Human herpesvirus 8 (HHV-8) is a causal agent for Kaposi?s sarcoma, primary effusion lymphoma (PEL), and multicentric Castleman?s disease that are often associated with acquired immunodeficiency syndrome. HHV-8 lytic replication, in addition to latency, is important for maintaining viral load within the host as well as for related pathogenesis. Recent evidence shows that HHV-8-encoded viral interferon regulatory factor 1 (vIRF-1) plays an important role in promoting virus replication by suppressing apoptosis and innate immunity elicited by infection of host cells. We recently found, for the first time, that vIRF-1 localizes to mitochondria via a novel mechanism upon virus replication and mitochondria-localized vIRF-1 is essential for successful virus replication. However, the functional significance of mitochondria-localized vIRF-1 to HHV-8 biology and pathogenesis remains to be determined. Our preliminary results showed that mitochondrial content is reduced in lytic vIRF-1-positive PEL cells but restored by pharmacological inhibition of autophagy and mitophagy. Moreover, using recombinant HHV- 8 encoding vIRF-1 with impaired mitochondria targeting and a vIRF-1-derived peptide corresponding to the mitochondrial targeting region, we demonstrated that mitochondria targeting of vIRF-1 plays an important role in regulation of mitochondria content and apoptosis during HHV-8 replication. Our further studies revealed that vIRF- 1 interacts with autophagy-related proteins (GEC1 and EF-Tu) and is subject to posttranslational modifications (caspase-5-mediated cleavage and K63-linked polyubiquitination) upon HHV-8 replication and mitochondrial damage. Moreover, inhibition of mitophagy by Mdivi-1 enhances MAVS-mediated apoptosis induced by virus replication and inhibits HHV-8 productive replication. Based on these findings, we hypothesize that vIRF-1 can sense and respond to mitochondria damage induced by HHV-8 replication and promote removal of dysfunctional mitochondria by activating mitophagy, resulting in inhibition of mitochondria-mediated antiviral responses and promotion of HHV-8 replication. Therefore, an approach to interfere with vIRF-1-activated mitophagy could lead to the development of novel antiviral agents. To further define the mechanisms and functional significance of vIRF-1- activated mitophagy in HHV-8 replication, we propose to: 1) delineate the molecular mechanism(s) of vIRF-1- mediated mitophagy activated by HHV-8 replication, 2) determine the significance to mitophagy regulation of novel posttranslational modifications of mitochondria-localized vIRF-1, and 3) determine the functional significance of vIRF-1-activated mitophagy in MAVS regulation and HHV-8 biology. Successful completion of the studies in this application will delineate the molecular interactions and processes involved in vIRF-1-acitvated mitophagy and provide evidence for the antiviral and therapeutic potentials of mitophagy inhibition. Overall, this proposal will identify a novel paradigm of virus-host interaction via mitochondria and could potentially provide a basis for future development of antiviral agents targeting mitophagy-associated interactions of vIRF-1.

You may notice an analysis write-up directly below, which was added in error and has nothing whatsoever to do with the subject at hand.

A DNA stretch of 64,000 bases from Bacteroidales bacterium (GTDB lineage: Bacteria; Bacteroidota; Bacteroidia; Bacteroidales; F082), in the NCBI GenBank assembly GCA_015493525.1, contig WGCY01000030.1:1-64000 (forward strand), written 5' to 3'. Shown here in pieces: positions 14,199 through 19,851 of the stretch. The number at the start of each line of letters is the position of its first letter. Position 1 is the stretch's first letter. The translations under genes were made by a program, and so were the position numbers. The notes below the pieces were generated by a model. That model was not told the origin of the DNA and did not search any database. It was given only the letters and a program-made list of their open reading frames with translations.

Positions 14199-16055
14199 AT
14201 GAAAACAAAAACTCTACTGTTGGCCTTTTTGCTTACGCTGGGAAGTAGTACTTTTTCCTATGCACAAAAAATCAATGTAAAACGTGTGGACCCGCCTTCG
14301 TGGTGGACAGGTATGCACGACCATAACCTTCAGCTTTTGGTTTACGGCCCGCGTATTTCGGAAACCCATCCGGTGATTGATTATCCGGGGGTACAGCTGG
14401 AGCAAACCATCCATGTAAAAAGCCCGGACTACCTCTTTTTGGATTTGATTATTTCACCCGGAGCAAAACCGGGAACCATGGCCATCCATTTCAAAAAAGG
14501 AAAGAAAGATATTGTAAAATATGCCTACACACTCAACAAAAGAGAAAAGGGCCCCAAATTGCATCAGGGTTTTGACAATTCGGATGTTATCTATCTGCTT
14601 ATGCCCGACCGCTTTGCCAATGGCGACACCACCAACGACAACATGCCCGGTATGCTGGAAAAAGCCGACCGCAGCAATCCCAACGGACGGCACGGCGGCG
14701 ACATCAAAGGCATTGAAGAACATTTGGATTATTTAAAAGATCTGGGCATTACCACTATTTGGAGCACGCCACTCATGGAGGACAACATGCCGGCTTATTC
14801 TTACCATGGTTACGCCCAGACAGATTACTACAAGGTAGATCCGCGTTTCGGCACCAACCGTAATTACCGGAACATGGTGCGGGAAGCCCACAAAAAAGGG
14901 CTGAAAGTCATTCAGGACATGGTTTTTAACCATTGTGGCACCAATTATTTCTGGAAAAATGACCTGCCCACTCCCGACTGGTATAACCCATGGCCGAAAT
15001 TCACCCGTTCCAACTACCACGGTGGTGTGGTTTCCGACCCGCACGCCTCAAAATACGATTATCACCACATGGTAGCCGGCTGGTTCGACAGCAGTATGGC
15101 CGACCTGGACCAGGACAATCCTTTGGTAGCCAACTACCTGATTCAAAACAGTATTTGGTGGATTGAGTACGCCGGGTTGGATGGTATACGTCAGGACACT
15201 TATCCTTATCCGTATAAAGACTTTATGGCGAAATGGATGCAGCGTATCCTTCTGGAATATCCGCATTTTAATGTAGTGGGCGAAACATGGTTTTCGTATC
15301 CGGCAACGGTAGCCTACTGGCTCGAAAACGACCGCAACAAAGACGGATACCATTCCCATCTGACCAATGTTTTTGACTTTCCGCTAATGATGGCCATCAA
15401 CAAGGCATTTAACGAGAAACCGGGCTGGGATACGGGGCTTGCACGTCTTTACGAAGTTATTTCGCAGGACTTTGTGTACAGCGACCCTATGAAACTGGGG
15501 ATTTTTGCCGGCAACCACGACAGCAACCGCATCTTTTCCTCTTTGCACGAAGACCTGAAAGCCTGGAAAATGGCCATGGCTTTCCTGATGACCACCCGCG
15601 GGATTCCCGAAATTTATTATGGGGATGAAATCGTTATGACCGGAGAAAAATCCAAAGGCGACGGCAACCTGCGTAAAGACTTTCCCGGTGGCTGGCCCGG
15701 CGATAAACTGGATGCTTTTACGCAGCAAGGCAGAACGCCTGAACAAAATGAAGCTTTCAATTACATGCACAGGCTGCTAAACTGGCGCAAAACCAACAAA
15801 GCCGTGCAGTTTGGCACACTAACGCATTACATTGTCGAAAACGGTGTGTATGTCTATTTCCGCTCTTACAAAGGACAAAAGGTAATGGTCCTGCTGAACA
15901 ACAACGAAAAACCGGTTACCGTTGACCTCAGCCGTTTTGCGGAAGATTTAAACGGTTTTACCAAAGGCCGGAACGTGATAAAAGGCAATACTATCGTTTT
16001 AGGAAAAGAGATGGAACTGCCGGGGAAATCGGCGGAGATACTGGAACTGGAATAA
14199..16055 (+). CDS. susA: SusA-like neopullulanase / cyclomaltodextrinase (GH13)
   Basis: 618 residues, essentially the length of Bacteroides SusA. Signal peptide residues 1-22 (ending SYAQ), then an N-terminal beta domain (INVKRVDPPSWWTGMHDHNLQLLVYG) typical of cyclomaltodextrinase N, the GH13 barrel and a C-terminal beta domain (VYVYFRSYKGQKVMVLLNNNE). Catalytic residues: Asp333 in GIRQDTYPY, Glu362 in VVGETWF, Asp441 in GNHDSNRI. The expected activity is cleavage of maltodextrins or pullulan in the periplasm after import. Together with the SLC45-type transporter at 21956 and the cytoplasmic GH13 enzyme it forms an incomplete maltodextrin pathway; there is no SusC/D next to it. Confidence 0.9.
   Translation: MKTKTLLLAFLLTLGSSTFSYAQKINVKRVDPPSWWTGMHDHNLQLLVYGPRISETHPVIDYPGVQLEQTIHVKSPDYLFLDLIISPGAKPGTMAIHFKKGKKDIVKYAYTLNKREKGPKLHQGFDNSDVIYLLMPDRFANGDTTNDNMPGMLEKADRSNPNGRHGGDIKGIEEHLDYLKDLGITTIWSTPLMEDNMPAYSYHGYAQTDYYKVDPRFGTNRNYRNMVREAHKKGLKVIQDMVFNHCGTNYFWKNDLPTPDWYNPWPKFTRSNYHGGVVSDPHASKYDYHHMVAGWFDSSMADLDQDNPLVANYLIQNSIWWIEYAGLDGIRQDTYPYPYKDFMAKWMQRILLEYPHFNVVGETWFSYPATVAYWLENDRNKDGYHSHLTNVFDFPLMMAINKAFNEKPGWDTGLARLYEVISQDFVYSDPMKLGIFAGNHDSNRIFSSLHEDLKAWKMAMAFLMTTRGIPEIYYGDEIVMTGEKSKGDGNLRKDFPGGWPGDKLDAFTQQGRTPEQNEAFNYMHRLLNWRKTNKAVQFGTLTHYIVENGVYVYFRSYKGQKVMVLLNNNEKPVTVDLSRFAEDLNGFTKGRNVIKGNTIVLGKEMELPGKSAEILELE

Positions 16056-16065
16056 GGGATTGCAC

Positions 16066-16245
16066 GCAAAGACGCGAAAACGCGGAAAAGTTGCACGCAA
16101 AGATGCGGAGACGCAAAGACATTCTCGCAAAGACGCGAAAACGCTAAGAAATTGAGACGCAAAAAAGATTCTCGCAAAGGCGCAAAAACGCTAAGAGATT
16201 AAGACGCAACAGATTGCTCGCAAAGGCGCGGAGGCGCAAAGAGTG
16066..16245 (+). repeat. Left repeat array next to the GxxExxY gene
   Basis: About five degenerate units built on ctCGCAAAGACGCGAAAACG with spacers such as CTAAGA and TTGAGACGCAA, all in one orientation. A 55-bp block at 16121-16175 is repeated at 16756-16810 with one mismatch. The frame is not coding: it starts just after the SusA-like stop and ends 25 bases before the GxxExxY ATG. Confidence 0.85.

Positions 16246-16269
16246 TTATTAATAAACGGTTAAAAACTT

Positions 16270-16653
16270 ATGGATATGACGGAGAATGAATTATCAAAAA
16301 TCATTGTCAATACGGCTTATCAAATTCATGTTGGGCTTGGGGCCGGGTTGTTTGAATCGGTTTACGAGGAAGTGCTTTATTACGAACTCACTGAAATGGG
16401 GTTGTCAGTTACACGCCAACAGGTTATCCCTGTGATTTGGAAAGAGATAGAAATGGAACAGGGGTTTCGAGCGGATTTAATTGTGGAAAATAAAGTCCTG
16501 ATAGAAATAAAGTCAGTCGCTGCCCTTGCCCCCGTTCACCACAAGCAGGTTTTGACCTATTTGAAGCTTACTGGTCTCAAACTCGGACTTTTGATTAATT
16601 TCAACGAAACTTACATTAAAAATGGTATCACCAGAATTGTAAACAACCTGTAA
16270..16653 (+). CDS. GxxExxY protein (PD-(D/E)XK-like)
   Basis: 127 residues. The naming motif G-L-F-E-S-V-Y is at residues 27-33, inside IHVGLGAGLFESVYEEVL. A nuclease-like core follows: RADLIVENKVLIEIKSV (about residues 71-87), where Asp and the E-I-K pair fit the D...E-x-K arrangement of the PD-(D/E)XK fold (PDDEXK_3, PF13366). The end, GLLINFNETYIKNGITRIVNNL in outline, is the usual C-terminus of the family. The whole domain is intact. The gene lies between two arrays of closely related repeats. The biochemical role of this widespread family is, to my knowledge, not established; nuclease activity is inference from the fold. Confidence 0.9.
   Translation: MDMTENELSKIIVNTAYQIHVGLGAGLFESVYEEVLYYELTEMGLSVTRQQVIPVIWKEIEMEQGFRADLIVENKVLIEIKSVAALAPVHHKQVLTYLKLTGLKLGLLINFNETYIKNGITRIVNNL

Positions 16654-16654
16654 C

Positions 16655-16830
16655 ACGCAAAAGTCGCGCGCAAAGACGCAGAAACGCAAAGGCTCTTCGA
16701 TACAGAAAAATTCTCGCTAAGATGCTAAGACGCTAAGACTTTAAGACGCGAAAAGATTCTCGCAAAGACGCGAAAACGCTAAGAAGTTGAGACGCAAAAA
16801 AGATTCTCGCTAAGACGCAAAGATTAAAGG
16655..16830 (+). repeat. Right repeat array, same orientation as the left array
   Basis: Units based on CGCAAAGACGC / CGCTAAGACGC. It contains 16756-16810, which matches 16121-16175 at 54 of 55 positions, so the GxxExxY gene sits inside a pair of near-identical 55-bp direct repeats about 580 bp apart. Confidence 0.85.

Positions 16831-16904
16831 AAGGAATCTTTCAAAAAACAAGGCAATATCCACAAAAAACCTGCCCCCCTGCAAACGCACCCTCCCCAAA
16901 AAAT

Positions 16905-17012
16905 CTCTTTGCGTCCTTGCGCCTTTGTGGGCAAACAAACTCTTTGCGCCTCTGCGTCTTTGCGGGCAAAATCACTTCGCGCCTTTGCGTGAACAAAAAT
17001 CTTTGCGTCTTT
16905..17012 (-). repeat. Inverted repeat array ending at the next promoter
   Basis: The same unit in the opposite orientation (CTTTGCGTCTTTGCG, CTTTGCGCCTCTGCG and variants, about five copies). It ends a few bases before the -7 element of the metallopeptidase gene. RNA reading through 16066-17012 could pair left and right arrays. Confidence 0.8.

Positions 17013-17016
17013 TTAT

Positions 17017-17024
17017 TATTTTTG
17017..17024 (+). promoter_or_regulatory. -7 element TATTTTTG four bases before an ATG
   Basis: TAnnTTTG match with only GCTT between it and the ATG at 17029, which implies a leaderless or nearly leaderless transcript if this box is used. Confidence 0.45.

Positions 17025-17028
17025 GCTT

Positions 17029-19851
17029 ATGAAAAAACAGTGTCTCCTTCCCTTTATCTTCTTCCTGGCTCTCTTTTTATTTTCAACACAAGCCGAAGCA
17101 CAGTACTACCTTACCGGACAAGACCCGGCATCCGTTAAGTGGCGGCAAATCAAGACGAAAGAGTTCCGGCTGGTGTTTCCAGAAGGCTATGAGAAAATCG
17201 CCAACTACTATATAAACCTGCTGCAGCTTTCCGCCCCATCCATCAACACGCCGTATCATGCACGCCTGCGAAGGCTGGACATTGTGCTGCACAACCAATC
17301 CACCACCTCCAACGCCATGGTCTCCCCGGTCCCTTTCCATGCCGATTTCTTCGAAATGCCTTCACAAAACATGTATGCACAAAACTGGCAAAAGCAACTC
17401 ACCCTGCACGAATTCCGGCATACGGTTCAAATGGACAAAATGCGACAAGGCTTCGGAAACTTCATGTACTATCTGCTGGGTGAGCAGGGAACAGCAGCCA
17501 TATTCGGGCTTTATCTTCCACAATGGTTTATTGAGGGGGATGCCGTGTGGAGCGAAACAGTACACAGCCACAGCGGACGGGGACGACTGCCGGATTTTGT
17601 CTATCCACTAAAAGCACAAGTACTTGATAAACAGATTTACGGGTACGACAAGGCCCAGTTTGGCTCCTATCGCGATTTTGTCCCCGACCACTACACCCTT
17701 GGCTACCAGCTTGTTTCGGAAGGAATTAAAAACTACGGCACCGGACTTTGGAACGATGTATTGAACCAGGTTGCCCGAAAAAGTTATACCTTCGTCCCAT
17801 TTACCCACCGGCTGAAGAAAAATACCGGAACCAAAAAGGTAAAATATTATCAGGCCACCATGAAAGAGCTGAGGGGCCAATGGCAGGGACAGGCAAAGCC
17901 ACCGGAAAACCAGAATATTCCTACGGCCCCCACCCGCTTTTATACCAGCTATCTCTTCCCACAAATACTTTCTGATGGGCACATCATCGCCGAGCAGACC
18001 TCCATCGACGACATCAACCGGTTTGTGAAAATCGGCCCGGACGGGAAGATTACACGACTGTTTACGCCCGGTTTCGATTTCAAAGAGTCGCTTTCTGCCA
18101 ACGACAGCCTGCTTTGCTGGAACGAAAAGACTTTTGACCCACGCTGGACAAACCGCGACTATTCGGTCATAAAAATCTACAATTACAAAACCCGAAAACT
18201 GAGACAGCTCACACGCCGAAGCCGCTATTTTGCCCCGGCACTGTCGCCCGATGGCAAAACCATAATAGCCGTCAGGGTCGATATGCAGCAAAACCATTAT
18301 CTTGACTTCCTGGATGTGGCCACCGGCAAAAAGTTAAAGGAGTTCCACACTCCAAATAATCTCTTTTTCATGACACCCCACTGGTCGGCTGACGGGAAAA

Human herpesvirus 8 (HHV-8), also called Kaposi?s sarcoma-associated herpesvirus (KSHV), is a tumor virus that causes Kaposi?s sarcoma, primary effusion lymphoma, and multicentric Castleman?s disease in individuals with acquired immunodeficiency after human immunodeficiency virus infection and organ transplantation. Based on our published and preliminary data, we hypothesize that HHV-8-encoded viral interferon regulatory factor 1 (vIRF-1) plays an important role in mitophagy activation to remove antiviral response-engaged mitochondria during HHV-8 replication and thereby contributes to the promotion of HHV-8 productive replication, which is, in addition to latency, important for maintaining viral load within the host as well as for HHV-8 pathogenesis. Successful completion of this application will reveal the molecular mechanism and functional significance of vIRF-1-activated mitophagy in HHV-8 biology as well as potentially provide a basis for future development of antiviral agents targeting vIRF-1-activated mitophagy.